There are some great practical tools and techniques to support a successful launch leader and team: creation of a launch team charter and ambition, deep dive planning sessions, celebrations at key milestones, launch team temperature checks, launch excellence training sessions, innovation competitions, and much more!
It’s been wonderful to see launch excellence at work in recent times – shifting to digital or hybrid programmes, changing to a host of new ways of working, flexing strategies, working across different locations and time zones, using technology to run launch planning sessions, and not only connecting regularly with daily and weekly check-ins but supporting fellow team members if they are feeling overwhelmed with a ‘virtual cup of coffee’ or finding a ‘virtual hot desk buddy’ for the day.
I’m excited to see how launch plans, strategies, and teams evolve even further in the future so we can keep up the pace of launches of innovative medicines, devices, and services to benefit the people who need it most.
PART 4 – PRAISING THE MEDICAL TEAM FOR AN EXCELLENCE LAUNCH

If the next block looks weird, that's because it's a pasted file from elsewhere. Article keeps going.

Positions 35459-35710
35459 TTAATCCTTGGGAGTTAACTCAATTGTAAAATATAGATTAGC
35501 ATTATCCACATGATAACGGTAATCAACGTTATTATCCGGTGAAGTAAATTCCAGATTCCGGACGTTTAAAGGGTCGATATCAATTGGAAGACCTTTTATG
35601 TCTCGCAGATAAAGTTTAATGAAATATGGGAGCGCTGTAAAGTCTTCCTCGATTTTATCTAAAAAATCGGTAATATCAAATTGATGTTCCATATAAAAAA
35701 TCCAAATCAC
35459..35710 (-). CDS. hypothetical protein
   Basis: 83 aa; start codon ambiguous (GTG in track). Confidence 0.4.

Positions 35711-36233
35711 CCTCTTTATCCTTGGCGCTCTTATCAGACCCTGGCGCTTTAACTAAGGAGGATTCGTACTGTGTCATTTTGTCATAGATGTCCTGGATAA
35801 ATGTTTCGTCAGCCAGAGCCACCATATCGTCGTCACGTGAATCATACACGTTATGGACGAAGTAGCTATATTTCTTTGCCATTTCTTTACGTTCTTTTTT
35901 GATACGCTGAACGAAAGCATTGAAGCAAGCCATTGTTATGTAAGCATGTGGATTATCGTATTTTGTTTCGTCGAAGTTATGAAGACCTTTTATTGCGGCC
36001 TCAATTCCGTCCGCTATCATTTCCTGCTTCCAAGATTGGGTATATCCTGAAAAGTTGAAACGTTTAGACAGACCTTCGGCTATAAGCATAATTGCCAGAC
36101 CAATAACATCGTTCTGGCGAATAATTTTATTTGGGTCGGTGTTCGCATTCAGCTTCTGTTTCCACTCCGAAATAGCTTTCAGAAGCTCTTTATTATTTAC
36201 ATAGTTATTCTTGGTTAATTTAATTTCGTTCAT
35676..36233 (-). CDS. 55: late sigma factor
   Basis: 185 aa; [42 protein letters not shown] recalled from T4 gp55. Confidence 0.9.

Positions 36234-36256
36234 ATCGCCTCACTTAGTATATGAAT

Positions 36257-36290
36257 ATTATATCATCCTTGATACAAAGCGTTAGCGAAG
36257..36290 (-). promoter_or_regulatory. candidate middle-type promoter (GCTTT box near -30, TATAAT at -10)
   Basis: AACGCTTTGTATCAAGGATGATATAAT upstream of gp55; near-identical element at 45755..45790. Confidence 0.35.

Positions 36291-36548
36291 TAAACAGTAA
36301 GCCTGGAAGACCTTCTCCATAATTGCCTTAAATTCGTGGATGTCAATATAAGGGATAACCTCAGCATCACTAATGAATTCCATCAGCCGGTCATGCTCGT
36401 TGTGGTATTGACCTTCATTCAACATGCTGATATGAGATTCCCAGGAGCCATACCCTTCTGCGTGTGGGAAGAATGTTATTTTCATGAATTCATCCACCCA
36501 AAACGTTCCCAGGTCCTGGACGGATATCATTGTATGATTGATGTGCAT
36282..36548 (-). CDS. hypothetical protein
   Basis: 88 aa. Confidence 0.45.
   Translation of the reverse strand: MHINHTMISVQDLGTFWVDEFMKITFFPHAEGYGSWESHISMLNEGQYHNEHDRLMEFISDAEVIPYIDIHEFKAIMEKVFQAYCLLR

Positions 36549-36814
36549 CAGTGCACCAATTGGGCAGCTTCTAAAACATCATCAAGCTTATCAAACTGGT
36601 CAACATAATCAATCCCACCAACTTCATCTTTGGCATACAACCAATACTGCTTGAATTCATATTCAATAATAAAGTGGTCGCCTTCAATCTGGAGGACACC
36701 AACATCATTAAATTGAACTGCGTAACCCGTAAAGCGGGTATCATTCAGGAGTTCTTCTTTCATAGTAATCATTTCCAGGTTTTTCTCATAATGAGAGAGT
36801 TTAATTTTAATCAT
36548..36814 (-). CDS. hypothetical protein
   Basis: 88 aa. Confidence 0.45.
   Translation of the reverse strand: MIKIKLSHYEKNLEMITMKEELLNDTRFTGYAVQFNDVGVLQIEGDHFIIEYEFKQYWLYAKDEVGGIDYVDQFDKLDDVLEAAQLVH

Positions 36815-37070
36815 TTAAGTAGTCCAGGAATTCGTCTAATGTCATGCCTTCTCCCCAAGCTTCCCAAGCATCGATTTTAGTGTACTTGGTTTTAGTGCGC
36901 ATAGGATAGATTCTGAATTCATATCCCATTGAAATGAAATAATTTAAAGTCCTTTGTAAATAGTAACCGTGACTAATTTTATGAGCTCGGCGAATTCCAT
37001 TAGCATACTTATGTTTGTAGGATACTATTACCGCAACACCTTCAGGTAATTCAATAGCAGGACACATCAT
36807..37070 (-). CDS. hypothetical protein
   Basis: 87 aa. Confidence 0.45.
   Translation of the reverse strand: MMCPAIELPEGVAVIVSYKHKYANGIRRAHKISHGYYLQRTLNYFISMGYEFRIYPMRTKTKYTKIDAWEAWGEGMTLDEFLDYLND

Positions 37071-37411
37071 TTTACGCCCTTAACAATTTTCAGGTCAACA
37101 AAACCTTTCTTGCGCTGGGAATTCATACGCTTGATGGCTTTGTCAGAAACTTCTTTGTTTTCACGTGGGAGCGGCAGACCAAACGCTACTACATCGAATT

Finding great medics to work on a launch team is a tough challenge, but definitely worth the effort
In this part, I’d like to recognise a group of wonderful people who have become more and more important in guiding and delivering a successful launch. It’s the medical team!
In recent years, the number and range of medical roles has increased significantly when other more traditional sales or commercial roles have been in decline. There are now medical roles covering medical affairs, medical information, scientific communications, R&D, clinical trials, compliance, scientific advice, medical science liaison, and a number of new hybrid roles to manage relationships with thought leaders, patient groups, national payer and guideline bodies, and to support large multichannel engagement campaign content. And in the context of launch, the medical team are often some of the first roles in place to shape early new product planning at a global or local level.